Singapore Press Holdings Limited (SGX: T39), or SPH, long considered the bellwether of the media industry, recently reported its fiscal 2021 half-year earnings ended 28 February 2021 (1H FY21).
It was a mixed set of results.
As expected, the group reported a decline in its media segment.
Despite this, there were specks of good news among the flurry of negative numbers.
Total revenue dipped by 4.2% year on year to S$460.3 million for the period.
Operating profit, however, increased by 16.6% year on year to S$119.8 million, partly boosted by S$15 million from the government’s Jobs Support Scheme (JSS).
Net profit jumped by 26.1% year on year to S$97.8 million, helped by associates’ results and higher net income from investments.
Here are five highlights from SPH’s recent results.
The media division continued its inexorable decline, with sales falling from S$253.8 million in 1H FY20 to S$193.1 million in 1H FY21.
Profit before tax for the segment plunged from S$10.6 million to S$3.1 million over the same period. If the JSS grant of S$12.8 million is excluded from the division, it would have incurred a pre-tax loss of S$9.7 million.
Print advertisement revenue declined by 29% year on year as COVID-19 accelerated the decline of print media, with both display and classified ads seeing year on year revenue declines of 28% and 30%, respectively.
The silver lining is that digital revenue has been growing, albeit at a slower pace. Digital circulation revenue now makes up 31.6% of total digital revenue, up from just 23% a year ago.
Digital copies have now exceeded print copies, making up 53% of total circulation, in a sign that digital is leading the way for the division.
SPH’s retail and commercial division consists of its 66% stake in SPH REIT (SGX: SK6U) and its asset management arm.
Revenue for the division increased by 4.4% year on year to S$154.6 million despite the crisis, as a full six months’ worth of contributions were recognised for Westfield Marion, which was acquired in December 2019.
Tenant sales in both Paragon and Clementi Mall, SPH REIT’s Singapore retail assets, showed recovery with the easing of safe distancing measures.
The division also launched its new property Woodleigh Residences in February 2021. As of 22 March, 62% of total units have been sold at increasing per square foot prices.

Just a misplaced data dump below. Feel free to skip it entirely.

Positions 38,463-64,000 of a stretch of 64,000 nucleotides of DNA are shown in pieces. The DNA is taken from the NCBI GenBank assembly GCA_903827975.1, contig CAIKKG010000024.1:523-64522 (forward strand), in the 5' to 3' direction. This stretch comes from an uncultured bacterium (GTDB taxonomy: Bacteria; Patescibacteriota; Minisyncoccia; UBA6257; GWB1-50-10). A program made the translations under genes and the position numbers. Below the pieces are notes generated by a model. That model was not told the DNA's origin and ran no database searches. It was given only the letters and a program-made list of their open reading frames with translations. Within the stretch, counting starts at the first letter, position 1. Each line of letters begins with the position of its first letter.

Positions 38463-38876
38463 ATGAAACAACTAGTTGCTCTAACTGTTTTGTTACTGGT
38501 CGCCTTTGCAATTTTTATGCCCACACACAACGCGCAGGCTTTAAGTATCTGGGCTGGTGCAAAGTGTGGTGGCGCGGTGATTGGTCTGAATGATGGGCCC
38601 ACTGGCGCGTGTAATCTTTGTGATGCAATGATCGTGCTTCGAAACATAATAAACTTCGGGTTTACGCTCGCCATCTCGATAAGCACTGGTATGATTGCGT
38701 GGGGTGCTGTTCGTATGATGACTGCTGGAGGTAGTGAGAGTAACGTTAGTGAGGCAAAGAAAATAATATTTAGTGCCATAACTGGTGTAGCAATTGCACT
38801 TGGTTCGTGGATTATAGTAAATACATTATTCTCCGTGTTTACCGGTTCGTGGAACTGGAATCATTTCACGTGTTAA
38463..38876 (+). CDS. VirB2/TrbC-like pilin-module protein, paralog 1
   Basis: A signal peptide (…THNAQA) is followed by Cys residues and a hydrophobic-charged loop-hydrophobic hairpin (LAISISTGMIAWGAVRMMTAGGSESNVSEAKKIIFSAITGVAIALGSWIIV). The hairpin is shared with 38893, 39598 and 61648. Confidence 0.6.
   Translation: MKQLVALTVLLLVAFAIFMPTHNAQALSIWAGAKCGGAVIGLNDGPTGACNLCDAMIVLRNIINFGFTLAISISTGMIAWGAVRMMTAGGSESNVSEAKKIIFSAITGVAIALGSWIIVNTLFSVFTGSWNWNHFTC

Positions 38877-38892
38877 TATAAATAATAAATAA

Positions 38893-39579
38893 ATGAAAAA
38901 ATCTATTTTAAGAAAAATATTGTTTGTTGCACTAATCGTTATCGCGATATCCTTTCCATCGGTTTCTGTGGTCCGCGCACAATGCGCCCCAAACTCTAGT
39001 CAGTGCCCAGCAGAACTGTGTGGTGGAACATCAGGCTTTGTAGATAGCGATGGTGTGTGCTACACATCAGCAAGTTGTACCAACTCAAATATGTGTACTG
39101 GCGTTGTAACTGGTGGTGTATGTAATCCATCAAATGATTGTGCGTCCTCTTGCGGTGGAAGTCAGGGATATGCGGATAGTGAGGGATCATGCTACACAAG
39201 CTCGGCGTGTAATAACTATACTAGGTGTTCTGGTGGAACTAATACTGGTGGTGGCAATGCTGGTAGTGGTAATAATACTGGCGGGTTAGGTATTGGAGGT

As a result of the additional contribution from Westfield Marion and encouraging sales for its residential property, net profit before tax inched down just 1.4% year on year.
This set of earnings is the first time that SPH has split out its purpose-built student accommodation (PBSA) assets.
Previously, this segment used to be lumped together under the “property” segment.
Revenue for this division rose by 24.2% year on year to S$35.3 million due to six months of contribution from the Student Castle portfolio that was acquired in December 2019.
However, the pandemic did have an impact on the PBSA division, leading to lower occupancies and delayed tenancy start dates as students deferred their studies in light of lockdowns.
Net profit before tax for the division stood at S$22.4 million, a figure that included S$9.4 million of rental guarantee received from the vendor of the PBSA’s greenfield assets.
In addition to its PBSA, SPH has also been building up its aged care portfolio.
Its Orange Valley nursing home and Japan aged care assets had a carrying value of S$122 million and S$70 million, respectively, as of 28 February 2021.
This segment remained resilient despite the crisis and posted a small profit before tax of S$0.3 million for the half-year.
Its treasury portfolio also enjoyed significant marked-to-market gains from its stake in iFAST Corporation Limited (SGX: AIY) and Coupang Inc (NYSE: CPNG), a South Korean e-commerce company that just went public.
In light of the better results, SPH doubled its interim dividend from S$0.015 a year ago to S$0.03.
SPH also surprised the market by announcing a strategic review conducted to unlock long-term shareholder value.
Credit Suisse has been appointed as the group’s financial advisor.
SPH’s media division will probably continue to suffer from long-term headwinds as the division suffers from lower advertising revenue.
However, the group is valiantly pivoting towards a more real estate-centred business model consisting of its stake in SPH REIT, PBSA and aged care assets.
These properties will contribute steady rental income for SPH and help to buffer against the deteriorating outlook for its media division.
Furthermore, the recently-announced strategic review may also help to realise more value for shareholders.
Investors have reasons to keep the faith as SPH slowly revamps itself to adapt to the new normal.
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Disclaimer: Royston Yang owns shares of iFAST Corporation Limited.